Capacity Management

Maximizing a battery pack capacity is arguably one of the most vital battery performance features that a BMS provides. If this maintenance is not performed, a battery pack may eventually render itself useless. The root of the issue is that a battery pack “stack” (series array of cells) is not perfectly equal and intrinsically has slightly different leakage or self-discharge rates. Leakage is not a manufacturer defect but a battery chemistry characteristic, though it may be statistically impacted from minute manufacturing process variations. Initially a battery pack may have well-matched cells, but over time, the cell-to-cell similarity further degrades, not just due to self-discharge, but also impacted from charge/discharge cycling, elevated temperature, and general calendar aging. With that understood, recall earlier the discussion that lithium-ion cells perform superbly, but can be rather unforgiving if operated outside a tight SOA. We learned previously about required electrical protection because lithium-ion cells do not deal well with over-charging. Once fully charged, they cannot accept any more current, and any additional energy pushed into it gets transmuted in heat, with voltage potentially rising quickly, possibly to dangerous levels. It is not a healthy situation for the cell and can cause permanent damage and unsafe operating conditions if it continues.
The battery pack series cell array is what determines the overall pack voltage, and mismatch between adjacent cells creates a dilemma when attempting to charge up any stack. Figure 3 shows why this is so. If one has a perfectly balanced set of cells, all is fine as each will charge up in equal fashion, and the charging current can be cut off when the upper 4.0 voltage cut-off threshold is reached. However, in the unbalanced scenario, the top cell will reach its charge limit early, and the charging current needs to be terminated for the leg before other underlying cells have been charged to full capacity.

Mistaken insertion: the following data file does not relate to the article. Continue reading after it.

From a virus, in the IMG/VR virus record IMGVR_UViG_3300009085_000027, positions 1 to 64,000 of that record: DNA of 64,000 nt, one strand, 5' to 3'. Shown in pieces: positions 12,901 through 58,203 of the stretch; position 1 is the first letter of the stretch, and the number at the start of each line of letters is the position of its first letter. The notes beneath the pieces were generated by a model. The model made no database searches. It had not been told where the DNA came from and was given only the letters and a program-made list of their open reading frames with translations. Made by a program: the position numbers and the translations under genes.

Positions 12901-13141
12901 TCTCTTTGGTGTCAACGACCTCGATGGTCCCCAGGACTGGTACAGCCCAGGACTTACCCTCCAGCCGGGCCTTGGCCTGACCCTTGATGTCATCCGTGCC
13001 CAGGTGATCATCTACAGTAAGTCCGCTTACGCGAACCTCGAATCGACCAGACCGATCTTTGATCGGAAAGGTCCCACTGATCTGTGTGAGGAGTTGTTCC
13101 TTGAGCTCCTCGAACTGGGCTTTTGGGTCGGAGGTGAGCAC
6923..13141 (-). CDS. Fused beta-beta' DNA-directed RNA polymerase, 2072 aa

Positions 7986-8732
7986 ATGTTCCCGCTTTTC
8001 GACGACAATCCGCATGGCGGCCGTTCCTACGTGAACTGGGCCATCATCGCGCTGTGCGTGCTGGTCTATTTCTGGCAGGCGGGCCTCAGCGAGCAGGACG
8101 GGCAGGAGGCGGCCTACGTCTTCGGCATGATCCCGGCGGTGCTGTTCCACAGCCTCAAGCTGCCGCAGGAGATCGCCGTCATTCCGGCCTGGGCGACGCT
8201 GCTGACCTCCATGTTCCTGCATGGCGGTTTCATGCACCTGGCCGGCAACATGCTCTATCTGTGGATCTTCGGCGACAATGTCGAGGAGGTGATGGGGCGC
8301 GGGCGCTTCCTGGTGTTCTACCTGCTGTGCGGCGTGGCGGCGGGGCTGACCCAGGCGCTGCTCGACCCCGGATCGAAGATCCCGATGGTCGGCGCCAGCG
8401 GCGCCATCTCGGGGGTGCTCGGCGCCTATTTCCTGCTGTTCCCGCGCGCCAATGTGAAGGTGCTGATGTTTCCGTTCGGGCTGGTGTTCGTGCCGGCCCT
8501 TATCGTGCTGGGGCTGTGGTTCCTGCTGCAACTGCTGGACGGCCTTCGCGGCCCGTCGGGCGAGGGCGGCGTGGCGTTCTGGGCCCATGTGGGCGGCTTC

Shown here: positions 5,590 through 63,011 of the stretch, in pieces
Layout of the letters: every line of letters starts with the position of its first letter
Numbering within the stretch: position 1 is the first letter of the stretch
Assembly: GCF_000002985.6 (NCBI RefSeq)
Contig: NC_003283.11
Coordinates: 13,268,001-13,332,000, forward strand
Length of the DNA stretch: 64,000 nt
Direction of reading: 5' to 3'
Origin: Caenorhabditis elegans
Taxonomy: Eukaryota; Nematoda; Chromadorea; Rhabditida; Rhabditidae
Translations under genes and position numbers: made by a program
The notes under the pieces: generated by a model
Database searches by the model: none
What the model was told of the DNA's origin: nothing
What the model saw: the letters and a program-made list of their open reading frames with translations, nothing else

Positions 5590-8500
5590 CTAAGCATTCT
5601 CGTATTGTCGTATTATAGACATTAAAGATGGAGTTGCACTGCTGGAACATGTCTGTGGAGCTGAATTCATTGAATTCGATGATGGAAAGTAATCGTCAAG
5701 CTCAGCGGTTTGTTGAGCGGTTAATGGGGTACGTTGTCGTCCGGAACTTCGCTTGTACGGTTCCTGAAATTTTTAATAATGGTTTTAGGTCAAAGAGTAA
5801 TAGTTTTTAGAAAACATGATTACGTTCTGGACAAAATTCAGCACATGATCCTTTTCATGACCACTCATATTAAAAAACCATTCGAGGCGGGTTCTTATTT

The BMS is what steps in and saves the day, or the battery pack in this case. To show how this works, a key definition needs to be explained. The state-of-charge (SOC) of a cell or module at a given time is proportional to the charge available relative to the total charge when fully charged. Thus, a battery that resides at 50% SOC implies it is 50% charged, which is akin to a fuel gauge figure of merit. BMS capacity management is all about balancing the variation of the SOC across each stack in the pack assembly. Since the SOC is not a directly measurable quantity, it can be estimated by various techniques, and the balancing scheme itself generally falls into two main categories, passive and active. There are many variations of themes, and each type has pros and cons. It’s up to the BMS design engineer to decide which is optimal for the given battery pack and its application. Passive balancing is the easiest to implement, as well as to explain the general balancing concept. The passive method allows every cell in the stack to have the same charged capacity as the weakest cell. Using a relatively low current, it shuttles a small amount of energy from high SOC cells during the charging cycle so that all cells charge to their maximum SOC. Figure 4 illustrates how this is accomplished by the BMS. It monitors each cell and leverages a transistor switch and an appropriately sized discharge resistor in parallel with each cell. When the BMS senses a given cell is approaching its charge limit, it will steer excess current around it to the next cell below in a top-down fashion.

The balancing process endpoints, before and after, are shown in Figure 5. In summary, a BMS balances a battery stack by allowing a cell or module in a stack to see a different charging current than the pack current in one of the following ways:

• Removal of charge from the most charged cells, which gives headroom for additional charging current to prevent overcharging, and allows the less charged cells to receive more charging current
• Redirection of some or nearly all of the charging current around the most charged cells, thereby allowing the less charged cells to receive charging current for a longer length of time